A mosquito is a vampire. It sucks your blood and leaves a mark. It “lives on human gore,” as the humorist George Fitch put it in his early-20th century column Vest Pocket Essays. But it’s never more vampiric than when it spreads a virus. Like a vampire, its bite hijacks your body. The bite leaves behind a poison that weakens you, that changes you.
Mosquitoes don’t seem to inspire fear equal to their danger. They are the deadliest animals on the planet, more dangerous to humans even than humans themselves. But in areas like the U.S., where mosquito-borne viruses are less of a threat, the bugs are seen as more of an annoyance than the tiny vampires they really are, something to shoo away when it buzzes in your ear or lands on your arm. They aren’t objects of fear the way snakes or sharks are, but mosquitoes kill nearly 15 times more people than snakes, and 72,000 times more people than sharks.
Margee Kerr, a sociologist who studies fear, says that a specific fear of mosquitoes is rare. “When you’re looking at phobias in the critter world it’s spiders and sometimes cockroaches. Very rarely do you see mosquitoes coming forward,” she says. Even in areas of Africa, Asia, and South America where malaria or other mosquito-borne diseases are a constant threat, Kerr doubts that fear would center on the mosquito itself.
People in these areas are probably more vigilant and more aware of mosquitoes than, say, Americans are, but “they’re likely not walking around with fear every day,” Kerr says. “Probably we can’t assume that they’re more afraid, because they encounter it all the time. So they have to figure out a way to manage it. We see anxieties really increase in areas where people don’t have any experience with a threat.”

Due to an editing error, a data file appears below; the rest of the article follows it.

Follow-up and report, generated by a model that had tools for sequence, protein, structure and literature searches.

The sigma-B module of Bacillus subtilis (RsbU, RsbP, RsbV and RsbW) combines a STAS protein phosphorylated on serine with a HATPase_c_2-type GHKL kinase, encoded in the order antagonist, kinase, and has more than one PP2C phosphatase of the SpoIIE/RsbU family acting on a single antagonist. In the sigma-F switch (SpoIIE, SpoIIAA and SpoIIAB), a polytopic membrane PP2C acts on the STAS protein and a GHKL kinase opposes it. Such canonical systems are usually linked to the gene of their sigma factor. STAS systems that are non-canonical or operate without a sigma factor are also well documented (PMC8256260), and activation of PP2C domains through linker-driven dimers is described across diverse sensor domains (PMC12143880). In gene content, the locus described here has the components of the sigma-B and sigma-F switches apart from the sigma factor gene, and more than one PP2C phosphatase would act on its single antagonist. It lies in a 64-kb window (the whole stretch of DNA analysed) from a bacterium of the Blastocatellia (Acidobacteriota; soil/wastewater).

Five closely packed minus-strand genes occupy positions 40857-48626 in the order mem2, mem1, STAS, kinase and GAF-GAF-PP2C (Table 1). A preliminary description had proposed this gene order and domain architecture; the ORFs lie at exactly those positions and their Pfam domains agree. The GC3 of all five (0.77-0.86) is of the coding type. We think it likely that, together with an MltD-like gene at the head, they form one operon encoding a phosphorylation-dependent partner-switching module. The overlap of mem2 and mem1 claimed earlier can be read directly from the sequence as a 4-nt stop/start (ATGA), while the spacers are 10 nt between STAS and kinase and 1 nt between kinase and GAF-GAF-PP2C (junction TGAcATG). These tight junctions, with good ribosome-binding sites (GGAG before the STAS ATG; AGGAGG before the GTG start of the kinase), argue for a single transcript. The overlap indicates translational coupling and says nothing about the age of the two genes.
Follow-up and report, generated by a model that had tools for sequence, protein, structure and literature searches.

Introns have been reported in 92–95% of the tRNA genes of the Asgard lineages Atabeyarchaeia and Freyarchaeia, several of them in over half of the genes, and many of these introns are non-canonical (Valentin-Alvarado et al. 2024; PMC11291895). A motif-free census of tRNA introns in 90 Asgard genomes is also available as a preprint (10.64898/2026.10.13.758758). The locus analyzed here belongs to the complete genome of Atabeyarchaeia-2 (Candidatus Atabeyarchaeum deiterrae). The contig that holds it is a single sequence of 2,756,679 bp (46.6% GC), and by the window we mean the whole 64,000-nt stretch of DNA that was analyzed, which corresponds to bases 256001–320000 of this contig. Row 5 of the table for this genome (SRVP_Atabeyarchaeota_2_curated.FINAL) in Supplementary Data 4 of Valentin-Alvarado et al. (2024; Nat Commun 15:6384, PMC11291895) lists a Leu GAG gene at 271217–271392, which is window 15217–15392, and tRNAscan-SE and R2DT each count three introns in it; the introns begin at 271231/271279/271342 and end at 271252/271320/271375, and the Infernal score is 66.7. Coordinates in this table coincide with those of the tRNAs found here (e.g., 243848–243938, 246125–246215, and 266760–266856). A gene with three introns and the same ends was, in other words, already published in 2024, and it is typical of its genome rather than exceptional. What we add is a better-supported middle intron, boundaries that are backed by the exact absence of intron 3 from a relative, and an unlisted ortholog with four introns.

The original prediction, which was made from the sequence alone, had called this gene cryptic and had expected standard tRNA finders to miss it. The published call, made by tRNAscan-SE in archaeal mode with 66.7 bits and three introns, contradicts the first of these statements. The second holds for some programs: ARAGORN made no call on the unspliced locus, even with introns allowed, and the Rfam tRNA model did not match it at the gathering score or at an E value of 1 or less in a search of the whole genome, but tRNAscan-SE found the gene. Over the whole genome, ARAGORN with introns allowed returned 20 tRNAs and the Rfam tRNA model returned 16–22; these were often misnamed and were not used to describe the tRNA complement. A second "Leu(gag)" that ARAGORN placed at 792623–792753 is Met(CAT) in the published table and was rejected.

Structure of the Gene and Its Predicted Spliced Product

An ever-present danger tends to fade into the background, unless you have a reason to notice it. Zika has made people notice. A Republican representative from Florida brought a jar of Aedes aegypti mosquitoes onto the floor of the House earlier this month. “This is the reason for the fear,” David Jolly said, brandishing the jar at a Congress that has repeatedly failed to fund the fight against Zika. “Can you imagine, colleagues, the fear and anxiety in this chamber if these mosquitoes were outside this jar and not inside this jar?... This is the fear of Floridians, right here.”
Zika not only reveals the vampires living among us, but it has made them into the villains of a full-fledged horror story. I’ve been reporting on Zika all year and friends often reach out to me for reassurance. “Am I going to get Zika?” they ask, and I say “No, no, of course not,” like I know anything, like I’m the boss of Zika. “Well, probably not,” I usually amend. “And if you do, you probably won’t know it.”
Of course, that’s not very reassuring. Not-knowing is the scariest thing about the disease. If you get it, will you have symptoms? (Eighty percent of the time, you won’t.) Could you have it, and spread it, and hurt someone else without even knowing? If a pregnant woman gets it, will her child be okay? Is this just a bug bite, or is it a catastrophe?